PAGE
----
Evaluate the Contribution of the Hawthorne Studies to the Development of Management Theory and Practice

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This paper is an overview of four important areas of management theory: Frederick Taylor's Scientific Management, Elton Mayo's Hawthorne Works experiments and the human relations movement, Max Weber's idealized bureaucracy, and Henri Fayol's views on administration. It will provide a general description of each of these management theories together with observations on the environment in which these theories were applied and the successes that they achieved.

Frederick Taylor - Scientific Management

Description

Frederick Taylor, with his theories of Scientific Management, started the era of modern management. In the late nineteenth and early twentieth centuries, Frederick Taylor was decrying the " awkward, inefficient, or ill-directed movements of men" as a national loss. He advocated a change from the old system of personal management to a new system of scientific management. Under personal management, a captain of industry was expected to be personally brilliant. Taylor claimed that a group of ordinary men, following a scientific method would out perform the older "personally brilliant" captains of industry.

Taylor consistently sought to overthrow management "by rule of thumb" and replace it with actual timed observations leading to "the one best" practice. Following this philosophy he also advocated the systematic training of workers in "the one best practice" rather than allowing them personal discretion in their tasks. He believed that " a spirit of hearty cooperation" would develop between workers and management and that cooperation would ensure that the workers would follow the "one best practice." Under these philosophies Taylor further believed that the workload would be evenly shared between the workers and management with management performing the science and instruction and the workers performing the labor, each group doing "the work for which it was best suited."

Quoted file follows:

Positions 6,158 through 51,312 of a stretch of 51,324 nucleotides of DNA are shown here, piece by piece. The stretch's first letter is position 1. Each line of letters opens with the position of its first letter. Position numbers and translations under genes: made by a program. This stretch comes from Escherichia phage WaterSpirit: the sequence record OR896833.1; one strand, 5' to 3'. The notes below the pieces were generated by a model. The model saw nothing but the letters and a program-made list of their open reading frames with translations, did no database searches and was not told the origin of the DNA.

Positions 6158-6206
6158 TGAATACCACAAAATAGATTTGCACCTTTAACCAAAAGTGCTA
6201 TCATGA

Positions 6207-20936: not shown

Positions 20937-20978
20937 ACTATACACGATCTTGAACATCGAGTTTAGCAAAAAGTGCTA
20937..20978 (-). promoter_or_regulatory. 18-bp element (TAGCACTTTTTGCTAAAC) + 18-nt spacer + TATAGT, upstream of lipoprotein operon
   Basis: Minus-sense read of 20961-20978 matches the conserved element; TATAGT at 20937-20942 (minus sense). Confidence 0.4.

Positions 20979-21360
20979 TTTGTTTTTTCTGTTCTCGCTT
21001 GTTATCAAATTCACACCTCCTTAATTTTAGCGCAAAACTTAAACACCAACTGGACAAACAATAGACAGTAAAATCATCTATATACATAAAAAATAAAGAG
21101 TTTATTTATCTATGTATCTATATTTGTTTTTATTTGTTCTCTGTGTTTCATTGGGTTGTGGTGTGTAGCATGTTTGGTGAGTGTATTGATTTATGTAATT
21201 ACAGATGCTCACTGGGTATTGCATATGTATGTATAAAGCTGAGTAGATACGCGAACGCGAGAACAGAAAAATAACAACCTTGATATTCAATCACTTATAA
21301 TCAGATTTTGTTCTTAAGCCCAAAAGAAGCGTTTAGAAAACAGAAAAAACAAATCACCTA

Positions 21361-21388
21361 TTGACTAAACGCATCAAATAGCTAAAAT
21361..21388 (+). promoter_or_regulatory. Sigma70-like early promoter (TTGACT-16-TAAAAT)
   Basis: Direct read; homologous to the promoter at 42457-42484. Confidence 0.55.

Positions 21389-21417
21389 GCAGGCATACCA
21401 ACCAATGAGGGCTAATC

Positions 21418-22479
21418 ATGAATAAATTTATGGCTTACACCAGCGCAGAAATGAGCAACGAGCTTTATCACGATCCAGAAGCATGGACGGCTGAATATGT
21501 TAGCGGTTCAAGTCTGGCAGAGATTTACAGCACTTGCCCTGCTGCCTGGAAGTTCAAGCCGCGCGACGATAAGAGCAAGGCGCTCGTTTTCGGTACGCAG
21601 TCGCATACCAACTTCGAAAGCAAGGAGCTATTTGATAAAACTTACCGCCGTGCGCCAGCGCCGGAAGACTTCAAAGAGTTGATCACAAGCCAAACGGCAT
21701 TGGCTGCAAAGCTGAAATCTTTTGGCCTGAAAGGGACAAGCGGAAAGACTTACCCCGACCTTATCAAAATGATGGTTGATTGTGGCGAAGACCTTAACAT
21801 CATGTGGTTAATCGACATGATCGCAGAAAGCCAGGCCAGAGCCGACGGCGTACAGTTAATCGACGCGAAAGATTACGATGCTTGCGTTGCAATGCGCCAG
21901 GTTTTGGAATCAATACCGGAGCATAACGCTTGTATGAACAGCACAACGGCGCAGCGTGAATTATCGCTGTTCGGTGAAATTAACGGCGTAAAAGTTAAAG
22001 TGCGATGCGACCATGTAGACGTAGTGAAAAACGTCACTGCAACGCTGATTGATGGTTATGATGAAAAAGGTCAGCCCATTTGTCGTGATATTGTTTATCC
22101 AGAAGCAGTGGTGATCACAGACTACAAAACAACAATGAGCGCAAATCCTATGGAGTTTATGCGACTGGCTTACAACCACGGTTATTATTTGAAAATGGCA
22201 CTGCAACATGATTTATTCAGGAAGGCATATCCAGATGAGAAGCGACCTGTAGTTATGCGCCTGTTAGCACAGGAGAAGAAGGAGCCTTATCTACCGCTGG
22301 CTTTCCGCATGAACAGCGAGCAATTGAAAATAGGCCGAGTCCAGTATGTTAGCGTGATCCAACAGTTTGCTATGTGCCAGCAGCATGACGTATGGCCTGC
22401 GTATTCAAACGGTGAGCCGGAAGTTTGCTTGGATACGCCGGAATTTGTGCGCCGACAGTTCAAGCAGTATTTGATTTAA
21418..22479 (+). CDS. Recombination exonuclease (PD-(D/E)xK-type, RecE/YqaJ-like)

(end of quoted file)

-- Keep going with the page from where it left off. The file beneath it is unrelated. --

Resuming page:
Taylor's strongest positive legacy was the concept of breaking a complex task down in to a number of small subtasks, and optimizing the performance of the subtasks. This positive legacy leads to the stop-watch measured time trials which in turn lead to Taylor's strongest negative legacy. Many critics, both historical and contemporary have pointed out that Taylor's theories tend to "dehumanize" the workers. To modern readers, he stands convicted by his own words:

" … in almost all of the mechanic arts, the science which underlies each act of each workman is so great and amounts to so much that the workman who is best suited to actually doing the work is incapable of fully understanding this science, without the guidance and help of those who are working with him or over him, either through lack of education or through insufficient mental capacity."

And:

"to work according to scientific laws, the management must takeover and perform much of the work which is now left to the men; almost every act of the workman should be preceded by one or more preparatory acts of the management which enable him to do his work better and quicker than he otherwise could."

The Principles of Scientific Management

Environment

Taylor's work was strongly influenced by his social/historical period. His lifetime (1856-1915) was during the Industrial Revolution. The overall industrial environment of this period is well documented by the Dicken's classic Hard Times or Sinclar's The Jungle. Autocratic management was the norm. The manufacturing community had the idea of interchangeable parts for almost a century. The sciences of physics and chemistry were bringing forth new miracles on a monthly basis.

One can see Taylor turning to "science" as a solution to the inefficiencies and injustices of the period. His idea of breaking a complex task into a sequence of simple subtasks closely mirrors the interchangeable parts ideas pioneered by Eli Whitney earlier in the century. Furthermore, the concepts of training the workers and developing "a hearty...
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